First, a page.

Table S2 (ESI) shows the catalytic performances of a wide range of Pd-based homogeneous and heterogeneous catalysts including salts, complexes, and different Pd supported species for the dimerization of phenylacetylene to generate conjugated dienes. The result is that only Pd1/H-ZIF exhibited high selectivity to access conjugated dienes in high yield (entry 1). As indicated by GC-MS and 1H NMR spectroscopy, 1,4-diphenyl-1,3-butadiene ((E,E) isomer) was observed as a major product, along with by products such as styrene and cyclotrimerization products. Meanwhile, GC-MS revealed that two additional species, with the same mass and similar GC retention time to the (E,E) isomer (presumably the (E,Z) and (Z,Z) isomers), were present in all reaction samples in a low concentration (13% of the (E,E) isomer concentration).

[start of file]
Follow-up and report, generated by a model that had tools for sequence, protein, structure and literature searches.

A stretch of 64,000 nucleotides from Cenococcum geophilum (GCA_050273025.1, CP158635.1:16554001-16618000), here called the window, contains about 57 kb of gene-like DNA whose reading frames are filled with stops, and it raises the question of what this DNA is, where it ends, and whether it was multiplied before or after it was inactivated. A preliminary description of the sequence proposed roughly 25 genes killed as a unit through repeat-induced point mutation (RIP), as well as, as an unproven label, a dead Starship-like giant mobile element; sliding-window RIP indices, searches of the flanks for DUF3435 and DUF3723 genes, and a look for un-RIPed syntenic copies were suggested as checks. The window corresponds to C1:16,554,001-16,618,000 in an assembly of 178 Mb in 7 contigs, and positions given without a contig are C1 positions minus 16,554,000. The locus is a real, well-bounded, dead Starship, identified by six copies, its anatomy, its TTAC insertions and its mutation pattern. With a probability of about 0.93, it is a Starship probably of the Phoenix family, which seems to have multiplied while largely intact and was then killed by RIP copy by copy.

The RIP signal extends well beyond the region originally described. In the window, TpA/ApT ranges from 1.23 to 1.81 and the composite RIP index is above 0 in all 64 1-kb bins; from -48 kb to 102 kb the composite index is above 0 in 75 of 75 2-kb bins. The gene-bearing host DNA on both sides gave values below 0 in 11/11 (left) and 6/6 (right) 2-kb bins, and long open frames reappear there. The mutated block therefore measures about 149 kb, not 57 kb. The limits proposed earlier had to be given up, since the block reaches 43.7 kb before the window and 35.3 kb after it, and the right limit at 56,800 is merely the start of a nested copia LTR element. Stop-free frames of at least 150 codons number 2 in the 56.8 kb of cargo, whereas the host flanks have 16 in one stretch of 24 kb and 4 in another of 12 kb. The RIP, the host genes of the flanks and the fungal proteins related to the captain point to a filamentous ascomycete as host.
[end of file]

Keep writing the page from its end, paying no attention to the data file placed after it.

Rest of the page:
For tests on different Pd salts and complexes (entries 9–14), we notice that such a reaction process was catalyzed by Pd2+ rather than Pd0, which is in good agreement with the existence of Pdδ+ for Pd1/H-ZIF. By contrast, the ZIF-67 did not show any observable catalytic activity, implying the crucial role of Pdδ+ centers instead of the MOF substrate (entry 8). It is reasonable that the hydrogenation reaction catalyzed by the heterogeneous Pd NPs mainly delivers the full hydrogenation products of styrene (entries 2–4). This poor selectivity to conjugated dienes was attributed to the complex reactive sites on Pd NPs and the easy cleavage of a H–H bond on a Pd surface. The Pd cube@ZIF-67 exhibited negligible catalytic activity as compared with Pd cube/ZIF-67, which demonstrated that the catalysis process occurs on the surface of the catalyst (entry 5).